These thoughts resonated with Abraham Lincoln—an instinctive if untutored strategist—although the president favored simultaneous major advances at multiple points along the Confederate periphery taking advantage of the North’s preponderance in manpower and material. Only U. S. Grant would finally execute such a comprehensive strategy leading to victory.
In his memo to the president, McClellan specifically advocated a thrust down the Mississippi and driving the Rebels out of Missouri along with an advance from Kentucky into Eastern Tennessee, “for the purpose of assisting the Union men of that region, and of seizing the Railroads leading from Memphis to the East,” and ultimately to occupy Nashville. In addition, “It would be well to protect and reopen the Baltimore & Ohio Railroad” as soon as practicable. These “partial operations” would be augmented by “such others as the particular case may require.”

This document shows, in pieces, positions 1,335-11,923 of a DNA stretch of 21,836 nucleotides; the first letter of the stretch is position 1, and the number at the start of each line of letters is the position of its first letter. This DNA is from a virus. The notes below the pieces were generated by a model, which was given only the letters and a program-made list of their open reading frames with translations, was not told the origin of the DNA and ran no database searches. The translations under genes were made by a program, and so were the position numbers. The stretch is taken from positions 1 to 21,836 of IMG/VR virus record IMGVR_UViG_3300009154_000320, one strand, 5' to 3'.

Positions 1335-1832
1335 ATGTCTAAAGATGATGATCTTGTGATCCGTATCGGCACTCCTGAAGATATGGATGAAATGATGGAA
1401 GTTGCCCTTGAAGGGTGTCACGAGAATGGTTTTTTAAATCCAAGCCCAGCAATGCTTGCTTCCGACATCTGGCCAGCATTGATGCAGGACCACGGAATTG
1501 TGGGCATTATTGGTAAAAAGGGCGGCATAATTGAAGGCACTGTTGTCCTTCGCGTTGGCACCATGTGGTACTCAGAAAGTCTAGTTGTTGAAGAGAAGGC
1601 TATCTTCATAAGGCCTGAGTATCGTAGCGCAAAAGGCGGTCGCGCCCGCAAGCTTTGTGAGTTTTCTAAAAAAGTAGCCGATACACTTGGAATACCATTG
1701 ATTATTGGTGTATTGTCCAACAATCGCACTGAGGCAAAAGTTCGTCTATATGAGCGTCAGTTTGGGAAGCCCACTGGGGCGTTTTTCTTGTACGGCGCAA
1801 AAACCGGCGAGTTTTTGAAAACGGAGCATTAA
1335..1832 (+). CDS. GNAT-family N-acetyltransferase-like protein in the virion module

Several Southern railroad hubs were accessible by water, so, “an essential feature of the plan of operations will be the employment of a strong naval force” to protect transport fleets convoying troops from point to point of the enemy’s seacoast, to capture seaboard towns, and to create additional diversions.
As a young lieutenant of engineers with Winfield Scott, McClellan observed the amphibious landing at Vera Cruz and advance to Mexico City while General Zachary Taylor’s column wasted away in the northern deserts.
In 1855, he participated in a commission observing European armies during the Crimean War. England and France defeated Russia in that contest by flanking her land mass from the sea while employing the latest steam warships with powerful artillery.